“While he was with us, we were given a chance to serve and comfort Christ in him.” In the final chapter of Caryll Houselander’s 1947 novel The Dry Wood, the priest of Riverside, a poor docklands parish in London, consoles his listeners for the loss of their terminally ill child, Willie Jewel.
Houselander (1901-1954) was an English writer, artist and mystic who wrote short stories and numerous spiritual works on Mary and the Passion. The Dry Wood is her only novel. Although no longer in print, it is one of the most important Catholic novels of the 20th century, offering both a rare depiction of post-war London Catholicism and a genuine contribution to the broader literary movements emerging at the time.
Willie’s young parents, Art and Martha, had cared for him in their one-room dwelling for the few years of his short life, but he was the delight of the whole parish. Houselander’s depiction of the boy’s influence on those around him is an impassioned assertion of how much the weak and disabled can offer society.
When Willie was born, his father had watched the struggle for survival in that tiny creature “whom the doctor thought better dead”. He had seen his own eyes looking back at him from the face of his dumb child, “not with reproach for his life, but with love”. In those eyes he saw “the terrifying joy of innocence crucified”.
Art begins to find he has a reason to work all day, loading and unloading the ships, bringing what little he earns back to his wife and child. For Willie’s mother there is no slow dawn of love; she had fought for the baby before he was even born. In the hospital she was told that it was her life or the child’s; she demanded the boy survive. “That’s religion for you,” the doctor whispered to the nurse before he looked up to see Martha’s eyes burning like black stars into his soul. In silence he fought for them both to live.
Art and Martha have little to give their baby when they take him home. A floral sheet for his crib, an old box sanded and painted blue. A crystal chime that dances when the breeze comes up from the river, delighting the boy with light beams and bells. But the people of Riverside bring Willie Jewel their gifts each day as they pass from the dock: a posy of wild flowers, a playing card, an orange.
As the child declines, his eyes looking out from a body perpetually still, the Riversiders begin a novena for his life to be saved. But their vociferous prayers and vigils are unseemly to some, including the local monsignor, an Anglican convert.
We learn that he had been safe and satisfied in the Church of England, a mother always polite, beautiful and discreet. But he suddenly awoke to the appalling truth that she was instead merely his kindly, aristocratic aunt. His real mother was a gypsy with a virgin heart and “the riff-raff of the whole world clinging to her flamboyant skirts”.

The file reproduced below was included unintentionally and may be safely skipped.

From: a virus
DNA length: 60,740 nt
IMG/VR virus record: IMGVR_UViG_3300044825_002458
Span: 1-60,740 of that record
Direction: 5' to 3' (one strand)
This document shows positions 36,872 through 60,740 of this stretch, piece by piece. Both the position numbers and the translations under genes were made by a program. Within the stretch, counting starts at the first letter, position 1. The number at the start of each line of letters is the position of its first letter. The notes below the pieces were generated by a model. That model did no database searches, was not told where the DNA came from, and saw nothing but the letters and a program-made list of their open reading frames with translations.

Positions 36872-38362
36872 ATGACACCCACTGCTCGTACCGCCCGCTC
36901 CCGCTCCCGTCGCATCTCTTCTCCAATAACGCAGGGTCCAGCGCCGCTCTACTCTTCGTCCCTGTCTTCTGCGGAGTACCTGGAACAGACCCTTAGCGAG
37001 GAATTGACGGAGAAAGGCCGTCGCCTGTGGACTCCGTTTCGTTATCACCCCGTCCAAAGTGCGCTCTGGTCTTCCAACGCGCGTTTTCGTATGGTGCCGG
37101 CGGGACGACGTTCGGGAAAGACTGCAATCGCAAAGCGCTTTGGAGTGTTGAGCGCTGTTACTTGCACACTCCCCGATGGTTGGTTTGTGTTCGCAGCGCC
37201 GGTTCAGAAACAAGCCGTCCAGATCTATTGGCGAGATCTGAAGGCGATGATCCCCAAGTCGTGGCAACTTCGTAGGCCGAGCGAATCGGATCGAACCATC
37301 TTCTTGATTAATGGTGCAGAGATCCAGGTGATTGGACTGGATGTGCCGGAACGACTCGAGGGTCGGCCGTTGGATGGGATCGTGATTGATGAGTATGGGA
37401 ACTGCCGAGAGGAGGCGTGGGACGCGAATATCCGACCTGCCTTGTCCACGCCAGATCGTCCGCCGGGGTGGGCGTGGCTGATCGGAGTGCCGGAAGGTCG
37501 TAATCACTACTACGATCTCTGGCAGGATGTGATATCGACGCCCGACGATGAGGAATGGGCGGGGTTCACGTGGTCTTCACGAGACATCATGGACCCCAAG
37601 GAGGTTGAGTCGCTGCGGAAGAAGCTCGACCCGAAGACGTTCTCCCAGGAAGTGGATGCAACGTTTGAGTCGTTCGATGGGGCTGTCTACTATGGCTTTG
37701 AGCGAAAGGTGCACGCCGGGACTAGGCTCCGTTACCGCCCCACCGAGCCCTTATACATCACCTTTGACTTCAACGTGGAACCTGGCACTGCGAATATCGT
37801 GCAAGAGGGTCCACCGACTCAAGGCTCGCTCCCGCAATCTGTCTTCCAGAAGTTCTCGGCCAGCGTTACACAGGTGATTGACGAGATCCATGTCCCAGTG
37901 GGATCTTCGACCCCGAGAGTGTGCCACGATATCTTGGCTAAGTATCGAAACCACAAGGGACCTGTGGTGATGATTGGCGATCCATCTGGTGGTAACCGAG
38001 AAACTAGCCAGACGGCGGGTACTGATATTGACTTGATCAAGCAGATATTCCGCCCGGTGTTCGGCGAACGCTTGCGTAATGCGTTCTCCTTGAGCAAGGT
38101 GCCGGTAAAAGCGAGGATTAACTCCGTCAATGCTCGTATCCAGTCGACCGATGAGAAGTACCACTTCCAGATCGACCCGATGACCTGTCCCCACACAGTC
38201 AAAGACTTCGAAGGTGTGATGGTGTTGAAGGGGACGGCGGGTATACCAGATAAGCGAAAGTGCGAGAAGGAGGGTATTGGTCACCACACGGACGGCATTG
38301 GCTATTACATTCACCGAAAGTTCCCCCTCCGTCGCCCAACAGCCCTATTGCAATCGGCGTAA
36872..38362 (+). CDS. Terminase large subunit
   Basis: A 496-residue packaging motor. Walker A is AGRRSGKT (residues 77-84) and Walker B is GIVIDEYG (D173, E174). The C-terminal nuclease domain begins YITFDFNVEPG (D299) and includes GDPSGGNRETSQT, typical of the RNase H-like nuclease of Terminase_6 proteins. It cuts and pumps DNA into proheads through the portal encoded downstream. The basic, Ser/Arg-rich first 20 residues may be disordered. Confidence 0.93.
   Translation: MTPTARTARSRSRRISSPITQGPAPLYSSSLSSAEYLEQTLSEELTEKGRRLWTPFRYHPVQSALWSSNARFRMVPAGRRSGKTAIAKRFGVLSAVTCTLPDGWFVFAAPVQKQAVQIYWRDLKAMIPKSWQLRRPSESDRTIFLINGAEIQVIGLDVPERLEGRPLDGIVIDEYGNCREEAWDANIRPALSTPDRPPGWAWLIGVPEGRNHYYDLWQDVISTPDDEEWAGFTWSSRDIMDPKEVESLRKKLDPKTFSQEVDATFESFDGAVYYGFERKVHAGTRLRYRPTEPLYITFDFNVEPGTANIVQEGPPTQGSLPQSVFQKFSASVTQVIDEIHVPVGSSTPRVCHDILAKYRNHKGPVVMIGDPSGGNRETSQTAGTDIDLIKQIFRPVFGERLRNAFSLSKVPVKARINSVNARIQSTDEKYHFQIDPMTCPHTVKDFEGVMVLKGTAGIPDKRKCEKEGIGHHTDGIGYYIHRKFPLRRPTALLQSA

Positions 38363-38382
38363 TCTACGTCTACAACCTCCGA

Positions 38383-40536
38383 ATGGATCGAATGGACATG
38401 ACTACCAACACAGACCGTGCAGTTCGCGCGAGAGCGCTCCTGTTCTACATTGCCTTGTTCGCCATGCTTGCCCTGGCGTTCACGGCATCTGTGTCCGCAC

He acknowledges his real mother, “submits to her devastating love” and learns to take joy in her demands on his virtue. But he cannot accept her vulgarity and sets about filling her pews with converts of culture and influence. It is concern for the views of this, his chosen flock, that drives the monsignor to request that his archbishop put a stop to Riverside’s public displays of grief.
But the archbishop is not so blinkered to the real importance of what is happening. Christian hope is radical hope. It trusts in the possibility of miracles and does not allow itself to be tarnished by decorum or the reasoned acceptance of worldly limitation.
The archbishop loves the Riversiders and wishes he could be among them again. Now all he sees when he looks down from his window are the City workers hurrying out to their clean houses built for one-child or childless marriages.
Those houses, he thinks, are more terrible than the visibly rotting houses of Riverside, because “the neat rows of cultivated flowers standing against the new white walls are pretty sepulchres of the murdered unborn children”. To him, these men of comfort and attainment have forfeited all adventure, all risk, all romance, and even in their security they are still afraid of life.
The archbishop watches as the novena draws people in from neighbouring boroughs. At the appointed time each day they fall to their knees – mothers at the stove or the chapel, fathers at the shipside, children in the street, their hearts burning with desire for a miracle. Their eyes are set on heaven but they are drawn by the “natural emotions that have sustained and integrated them from generation to generation; motherhood, fatherhood, pity for weakness, the cherishing of children, the instinct for life”.
On the final day of the novena, Willie dies. Houselander’s own voice addresses the loss and injustice felt by those left behind. For this child,
… love had overcome the world, life had overcome death. He had passed through brief poverty and pain in the dark womb of time, and come to his true birth. Behind him, before ever he came into the world, were generations of greed and power and lust and murder. Before him, unimaginable joy, everlasting Life.
Dr Bonnie Lander Johnson is a fellow, lecturer and director of studies in English at Selwyn College, Cambridge
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